Reflection on Social Network Analysis

Social network analysis (SNA) represents how people connect to each other and shows the flow of information in a network. SNA can help identify influencers, key players, disconnected individuals and groups within a community.  SNA consists in models that define relationships and interactions between individuals, as well as the patterns that emerge from those relationships and interactions (Baker and Siemens, in press).

Fortunato (2010) describes social networks as:

“paradigmatic examples of graphs with communities. The word community itself refers to a social context. People naturally tend to form groups, within their work environment, family, friends.

According to Dragan Gasevic in Data, Analytics and Learning MOOC (DALMOOC) and some authors (Grunspan et al., 2014; Fortunato, 2010), we can identify the importance of SNA in different fields. These include, broadly, sociology, business, engineering, economics, politics, computer science, mathematics, and even more recently, the importance of SNA is recognized in fields such as, physics and biology. For example, in biology science we can verify some interesting works in social contagion (Christakis and Fowler, 2013) and biological networks (Jonsson et al., 2006).

Protein–protein interaction (PPI) networks are commonly studied in biology and bioinformatics fields. Fig. 1 illustrates a community structure in PPI networks (Jonsson et al., 2006). The graph shows the interactions between proteins in cancerous cells of a rat. Those communities represent proteins into clusters that have similar function within the cell. Note that the communities are represented by different colours.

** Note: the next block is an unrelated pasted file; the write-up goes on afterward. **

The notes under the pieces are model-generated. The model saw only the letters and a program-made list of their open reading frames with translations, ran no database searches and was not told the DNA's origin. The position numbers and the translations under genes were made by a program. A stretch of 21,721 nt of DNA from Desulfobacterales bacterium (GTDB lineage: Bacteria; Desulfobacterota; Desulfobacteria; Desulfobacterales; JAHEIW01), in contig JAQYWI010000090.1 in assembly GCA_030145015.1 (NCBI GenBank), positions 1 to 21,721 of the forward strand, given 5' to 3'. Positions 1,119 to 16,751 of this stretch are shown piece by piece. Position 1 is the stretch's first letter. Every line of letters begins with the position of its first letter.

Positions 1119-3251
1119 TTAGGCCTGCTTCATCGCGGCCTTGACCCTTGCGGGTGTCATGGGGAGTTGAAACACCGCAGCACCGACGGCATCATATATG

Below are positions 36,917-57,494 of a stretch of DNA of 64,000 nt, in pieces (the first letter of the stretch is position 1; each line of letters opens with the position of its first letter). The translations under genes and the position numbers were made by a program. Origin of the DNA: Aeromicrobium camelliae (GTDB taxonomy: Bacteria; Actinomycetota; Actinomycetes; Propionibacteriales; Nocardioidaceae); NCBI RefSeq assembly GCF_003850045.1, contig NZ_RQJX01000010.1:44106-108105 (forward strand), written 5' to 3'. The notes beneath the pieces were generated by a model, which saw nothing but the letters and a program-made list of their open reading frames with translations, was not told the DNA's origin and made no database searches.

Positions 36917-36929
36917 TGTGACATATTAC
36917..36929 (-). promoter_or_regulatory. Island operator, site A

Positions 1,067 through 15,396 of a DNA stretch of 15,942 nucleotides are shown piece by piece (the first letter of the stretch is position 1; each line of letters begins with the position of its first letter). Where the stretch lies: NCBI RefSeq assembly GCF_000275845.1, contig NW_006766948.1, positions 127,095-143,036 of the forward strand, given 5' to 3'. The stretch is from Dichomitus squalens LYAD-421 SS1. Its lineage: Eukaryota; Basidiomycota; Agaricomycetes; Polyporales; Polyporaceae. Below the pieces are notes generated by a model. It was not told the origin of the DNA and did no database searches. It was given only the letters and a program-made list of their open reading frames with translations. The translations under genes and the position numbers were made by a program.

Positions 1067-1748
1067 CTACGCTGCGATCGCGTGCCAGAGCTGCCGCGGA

Fig 1. An example of protein–protein interaction network.

Fig 1. An example of protein–protein interaction network (Jonsson et al., 2006).

In a learning context, the use of SNA has demonstrated several benefits. Dragan Gasevic, in DALMOOC, states:

different authors identify the importance of social networks, social activities and social interaction as critical predictors of academic performance.

I’d like to mention Dawson’s work that has caught my attention recently. Dawson and colleagues (Dawson, Tan, and McWilliam, 2011) demonstrated the value of using social network analysis to measure and visualize student creative capacity. The study involved 76 students of the first year of graduate school of medicine at the University of Wollongong in Australia. They extracted discussion forum data from the institutional LMS (Blackboard). Fig. 2 illustrates the social network between student and staff participation in the discussion forum. Note that student names have been removed. The graph demonstrates the position and interactions of each student within the network. The full article is here.

Fig. 2 Sociogram of the medical student network interactions (Dawson, Tan, & McWilliam, 2011)

Fig. 2 Sociogram of the medical student network interactions (Dawson, Tan, and McWilliam, 2011)

Network elements of any Social Network

Elements of networks consist of actors and relations. Actors can be students, organization, blogs and so on. Those actors are modeled as nodes in a graph. The connections between actors make up relations (modeled as ties, edges). Those relations can represent friendship, advice, hindrance or communication.

Network Measures

Professor Dragan Gasevic, in DALMOOC, introduced some measurements commonly seen in social network studies. I want to briefly describe how all this works:

1. The attributes of the entire network:

  • Diameter : the length of the longest path through the network between any pair of two nodes in the social network.
  • Density: the number of existing connections and the possible connections in the graph.

2. The metrics revolve around the concept of centrality:

  • Degree Centrality: the total number of social ties a node has.
  • In-degree Centrality: the number of edges coming in. In other words, it indicates popularity or prestige that an individual has in the community.
  • Out-degree Centrality: the number of edges leading out. In other words, it indicates gregariousness about an individual.
  • Betweenness Centrality: the ease of connection with any other node in the network. It is important to mention that if this node is removed, the entire connection would be completely collapsed with the rest of the community, and so you will notice separated subgroups. It plays an important role which is called “Network Broker”.